He's travelling light, but David Kuhn carries with him a heavy burden.
The Illinois man was in Seattle Thursday, starting the first leg of an odyssey that will eventually bring him right back here in about 18 months.
Kuhn is running from Seattle to Maine, down to Florida, back across the country to San Diego and then back to Washington, a trek of 11,000 miles. He's doing it 25 miles at time -- essentially running a marathon every day for the next year and a half.
"I just take it one step at a time," he said.
As if that weren't enough, Kuhn is blind. He lost his eyesight when he was hit by a drunk driver nearly 33 years ago. On Thursday he left Seattle's Myrtle Edwards Parks with the assistance of guides from Club Northwest. Teams of volunteer guides will help Kuhn cross the country.
Kuhn is an accomplished runner, but you have to wonder what would make a 61-year-old retiree take on something like this.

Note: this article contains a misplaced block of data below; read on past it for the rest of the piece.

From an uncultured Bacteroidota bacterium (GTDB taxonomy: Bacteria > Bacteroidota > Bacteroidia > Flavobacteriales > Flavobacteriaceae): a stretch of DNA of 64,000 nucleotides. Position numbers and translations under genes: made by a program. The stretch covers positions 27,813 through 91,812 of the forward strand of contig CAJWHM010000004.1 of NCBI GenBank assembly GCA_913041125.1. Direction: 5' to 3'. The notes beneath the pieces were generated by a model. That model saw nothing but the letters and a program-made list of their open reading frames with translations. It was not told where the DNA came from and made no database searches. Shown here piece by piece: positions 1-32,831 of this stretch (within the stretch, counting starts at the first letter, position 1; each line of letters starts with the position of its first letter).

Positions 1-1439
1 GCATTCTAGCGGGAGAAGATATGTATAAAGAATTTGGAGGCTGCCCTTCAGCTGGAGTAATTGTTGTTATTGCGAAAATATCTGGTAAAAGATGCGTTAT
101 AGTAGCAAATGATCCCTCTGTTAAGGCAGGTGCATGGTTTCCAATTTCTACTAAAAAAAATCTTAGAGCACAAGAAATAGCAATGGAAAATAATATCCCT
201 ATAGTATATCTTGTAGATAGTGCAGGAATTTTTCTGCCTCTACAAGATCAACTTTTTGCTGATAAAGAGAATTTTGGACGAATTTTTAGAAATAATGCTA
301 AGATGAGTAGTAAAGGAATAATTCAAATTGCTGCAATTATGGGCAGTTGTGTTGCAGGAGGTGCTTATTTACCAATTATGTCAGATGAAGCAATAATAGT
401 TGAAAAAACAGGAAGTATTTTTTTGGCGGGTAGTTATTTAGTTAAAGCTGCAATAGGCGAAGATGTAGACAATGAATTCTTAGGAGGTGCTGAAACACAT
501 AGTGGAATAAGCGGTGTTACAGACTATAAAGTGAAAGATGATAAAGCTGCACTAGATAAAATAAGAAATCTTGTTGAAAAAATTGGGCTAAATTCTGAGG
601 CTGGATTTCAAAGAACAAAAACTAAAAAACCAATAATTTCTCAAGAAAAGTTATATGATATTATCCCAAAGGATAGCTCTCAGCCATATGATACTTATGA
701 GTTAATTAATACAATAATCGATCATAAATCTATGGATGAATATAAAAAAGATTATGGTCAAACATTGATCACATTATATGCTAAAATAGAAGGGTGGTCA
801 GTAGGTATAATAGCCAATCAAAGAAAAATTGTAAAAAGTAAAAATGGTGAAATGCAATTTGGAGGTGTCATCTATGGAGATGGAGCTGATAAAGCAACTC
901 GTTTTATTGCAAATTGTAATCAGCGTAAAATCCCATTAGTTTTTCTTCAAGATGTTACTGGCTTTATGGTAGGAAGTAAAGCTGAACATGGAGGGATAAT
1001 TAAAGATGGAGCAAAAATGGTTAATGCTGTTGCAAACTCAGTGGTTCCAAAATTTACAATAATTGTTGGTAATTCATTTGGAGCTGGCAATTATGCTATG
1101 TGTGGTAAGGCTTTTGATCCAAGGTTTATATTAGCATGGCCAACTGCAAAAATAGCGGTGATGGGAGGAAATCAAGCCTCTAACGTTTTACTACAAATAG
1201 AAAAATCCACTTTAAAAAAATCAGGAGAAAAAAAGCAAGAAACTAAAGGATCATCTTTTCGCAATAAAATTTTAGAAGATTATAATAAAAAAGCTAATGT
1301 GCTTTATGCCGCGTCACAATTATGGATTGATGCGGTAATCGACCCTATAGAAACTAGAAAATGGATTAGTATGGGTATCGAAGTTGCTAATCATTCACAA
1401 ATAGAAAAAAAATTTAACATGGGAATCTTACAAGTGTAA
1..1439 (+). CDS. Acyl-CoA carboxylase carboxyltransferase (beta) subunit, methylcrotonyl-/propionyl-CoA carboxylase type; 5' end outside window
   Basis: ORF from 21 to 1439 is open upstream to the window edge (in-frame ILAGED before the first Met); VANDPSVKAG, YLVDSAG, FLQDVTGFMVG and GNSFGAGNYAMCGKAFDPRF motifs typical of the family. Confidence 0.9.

It isn't for personal glory.
"I'm just a scared and heartbroken grandfather," he explained.
Fear is indeed a great motivator. Kuhn fears losing his granddaughter, Kylie. She has Cystic Fibrosis. It's incurable. If Kylie is lucky she'll live to be 35, which means that at just 11 years old she's likely already lived a third of her life.
"If I can extend her life by any amount, then every step and every day will be worth it," said Kuhn, choking back tears.
Kuhn plans to raise $500,000 for Cystic Fibrosis research, hoping it will save his beloved Kylie or someone else's child.
"I don't want to look back and regret that I didn't do this for her, and for all the others, too."
It will be a brutal year and a half -- one that will test Kuhn in ways he hasn't even imagined. But he runs with a vision that will inspire him until the very end.
"That's all I have to do is think about her, talk to her, talk to my daughter and I'm off and running."